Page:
As shown in the table below, the September 2008 Minnesota state primary election result predicted the outcome of the November general election to within one percentage point. The only significant shift in numbers is that without Immelman on the ballot in the general election, his share of the vote went to third-party candidate Anderson.

                                           Primary   General
    Republican
    Michele Bachmann           47.2%     46.4%
    Aubrey Immelman              7.7%      ——-

    Independence
    Bob Anderson                    2.0%     10.0%

    Democratic
    El Tinklenberg                  43.1%     43.4%

    —————————————

    Election 2012 update

    8-14-12 — A primary referendum on Bachmann

    Michele Bachmann . . . . . Aubrey Immelman . . . . Stephen Thompson

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    16 Responses to “How to Beat Bachmann”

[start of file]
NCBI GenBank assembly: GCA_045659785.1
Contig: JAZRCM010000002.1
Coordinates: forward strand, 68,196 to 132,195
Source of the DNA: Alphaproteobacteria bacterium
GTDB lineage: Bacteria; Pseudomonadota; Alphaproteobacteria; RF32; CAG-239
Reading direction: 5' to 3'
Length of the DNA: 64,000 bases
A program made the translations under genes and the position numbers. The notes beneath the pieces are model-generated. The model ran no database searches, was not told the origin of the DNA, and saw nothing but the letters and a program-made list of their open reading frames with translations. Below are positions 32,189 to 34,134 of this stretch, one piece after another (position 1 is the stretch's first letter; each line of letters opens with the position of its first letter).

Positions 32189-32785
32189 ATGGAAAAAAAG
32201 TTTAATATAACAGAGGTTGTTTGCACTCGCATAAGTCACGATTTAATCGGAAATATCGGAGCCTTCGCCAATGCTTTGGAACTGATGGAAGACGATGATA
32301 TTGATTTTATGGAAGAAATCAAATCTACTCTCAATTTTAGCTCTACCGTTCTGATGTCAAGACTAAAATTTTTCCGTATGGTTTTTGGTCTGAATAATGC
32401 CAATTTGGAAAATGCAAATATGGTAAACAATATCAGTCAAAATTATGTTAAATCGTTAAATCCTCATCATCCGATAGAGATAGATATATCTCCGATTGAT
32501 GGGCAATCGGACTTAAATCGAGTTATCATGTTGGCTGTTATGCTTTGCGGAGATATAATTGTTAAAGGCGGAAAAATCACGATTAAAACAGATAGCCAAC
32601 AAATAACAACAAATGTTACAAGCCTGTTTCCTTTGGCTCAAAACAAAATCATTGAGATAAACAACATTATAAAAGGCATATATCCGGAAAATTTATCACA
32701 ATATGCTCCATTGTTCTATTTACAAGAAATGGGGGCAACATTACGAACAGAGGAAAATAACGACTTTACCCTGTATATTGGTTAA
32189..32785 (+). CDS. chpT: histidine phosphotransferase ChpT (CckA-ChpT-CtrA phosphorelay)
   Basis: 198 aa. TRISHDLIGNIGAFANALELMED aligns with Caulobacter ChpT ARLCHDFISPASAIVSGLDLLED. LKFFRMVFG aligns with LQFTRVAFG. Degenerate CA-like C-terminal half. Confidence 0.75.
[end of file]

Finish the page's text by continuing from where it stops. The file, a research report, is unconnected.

1. Immelman for Congress » Blog Archive » MN-06: Who is ‘The Third Man’? Says:

      [...] How to Beat Bachmann (May 9, 2009) [...]

    2. Aubrey Immelman Says:

      Cross-posted from Minnesota Independent at http://minnesotaindependent.com/38959/clark-stays-mum-as-field-in-bachmanns-district-takes-shape

      All three Democrats named in the article have unique strengths: Elwyn Tinklenberg acquired a national profile after Bachmann’s Oct. 2009 anti-American rant on “Hardball”; Maureen Reed has strong credentials and a no-nonsense, “can-do” attitude; and Tarryl Clark has a strong political resume and plenty of personal charisma.

      Whoever advances to the general election ballot will have a difficult row to hoe. The 6th is Minnesota’s most Republican district, meaning that on paper it would be tougher for a Democrat to defeat Bachmann than it would be to defeat Kline or Paulsen.

      The truth of the matter is that 96-97% of incumbents are reelected and as a second-term incumbent Bachmann will be even less vulnerable than she was in 2008. In addition, Democrats won’t have Obama at the top of the ticket to get out the vote.